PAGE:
This is a complicated question, but on the whole I recommend that you don't do it.

On the plus side, the AWS EC2 compatibility APIs do the following:

  • They allow you to use 3rd-party software that was designed to run on AWS on the NeCTAR Research Cloud.
  • They allow you to implement your own software so that it can run both NeCTAR and AWS computational resources.

The problem is that OpenStack's EC2 compatibility APIs are "unloved".

  • There are systemic issues with the implementation of the EC2 compatibility APIs. For example, they do a poor job of passing OpenStack diagnostics through to the EC2 APIs to clients. This means, that when something goes wrong, problems are difficult for you to diagnose.
  • The OpenStack project (Nova) that currently has purview of the APIs treats them as low priority.
  • Despite the fact that the NeCTAR website says that the EC2 APIs are supported, they are likewise treated as low priority, both by NeCTAR Core Services and by NeCTAR node operators. (Given staffing constraints, it is necessary to prioritise functionality that is used by the majority over functionality that only a small number of projects depend on.)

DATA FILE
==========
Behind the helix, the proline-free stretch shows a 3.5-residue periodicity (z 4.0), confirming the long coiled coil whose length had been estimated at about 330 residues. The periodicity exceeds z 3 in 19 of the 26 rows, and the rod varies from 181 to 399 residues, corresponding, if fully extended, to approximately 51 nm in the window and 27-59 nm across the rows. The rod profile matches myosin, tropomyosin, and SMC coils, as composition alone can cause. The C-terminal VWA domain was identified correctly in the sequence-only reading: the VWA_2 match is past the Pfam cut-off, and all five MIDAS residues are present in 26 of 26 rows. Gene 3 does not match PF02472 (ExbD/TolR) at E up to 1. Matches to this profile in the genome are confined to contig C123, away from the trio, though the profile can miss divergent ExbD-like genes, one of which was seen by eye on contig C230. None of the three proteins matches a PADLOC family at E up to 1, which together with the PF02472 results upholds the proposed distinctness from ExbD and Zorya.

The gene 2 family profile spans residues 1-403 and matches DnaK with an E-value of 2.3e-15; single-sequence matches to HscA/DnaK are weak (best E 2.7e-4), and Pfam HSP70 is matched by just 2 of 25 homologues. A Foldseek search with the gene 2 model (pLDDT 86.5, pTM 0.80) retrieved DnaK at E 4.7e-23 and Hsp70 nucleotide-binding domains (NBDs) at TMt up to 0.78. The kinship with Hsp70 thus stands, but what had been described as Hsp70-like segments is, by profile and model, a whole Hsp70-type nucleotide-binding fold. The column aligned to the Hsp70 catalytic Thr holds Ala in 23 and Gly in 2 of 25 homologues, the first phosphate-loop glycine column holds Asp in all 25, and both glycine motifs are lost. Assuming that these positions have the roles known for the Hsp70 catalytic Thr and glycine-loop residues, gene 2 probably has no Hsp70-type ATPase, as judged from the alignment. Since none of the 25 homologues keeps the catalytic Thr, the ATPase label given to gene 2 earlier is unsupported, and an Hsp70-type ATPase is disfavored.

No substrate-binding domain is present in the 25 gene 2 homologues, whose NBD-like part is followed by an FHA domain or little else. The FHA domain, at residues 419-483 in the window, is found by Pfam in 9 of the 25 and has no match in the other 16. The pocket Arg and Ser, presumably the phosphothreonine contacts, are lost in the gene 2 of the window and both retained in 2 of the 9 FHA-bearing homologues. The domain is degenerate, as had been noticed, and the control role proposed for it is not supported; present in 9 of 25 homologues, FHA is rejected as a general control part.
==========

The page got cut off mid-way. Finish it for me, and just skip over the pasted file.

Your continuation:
As a consequence of the above, the AWS compatibility tend to be fragile and unreliable to use on NeCTAR.  In particular, they tend to "break in new and interesting ways" when NeCTAR does a major version upgrade; i.e. roughly every 6 months.

The Nova project have recently announced that they have "deprecated" the AWS EC2 compatibility APIs.  That is likely to flow on to NeCTAR; i.e. the current generation EC2 APIs are likely be deprecated in the NeCTAR builds of OpenStack.

A new OpenStack project has been formed to take ownership. However, I cannot predict how this new project work out, or whether (and when) NeCTAR will adopt the new implementation of the APIs. Here is an article on the subject for you to make your own judgement.

At this point in time, my recommendation to NeCTAR project managers is:

  • don't use the EC2 compatibility APIs in any new work, and
  • find resources to migrate existing EC2 dependent code (including 3rd-party code) to the native OpenStack APIs.

This may seem pessimistic, but I am aware of three separate NeCTAR projects who have been "burned" by issues with the EC2 compatibility APIs.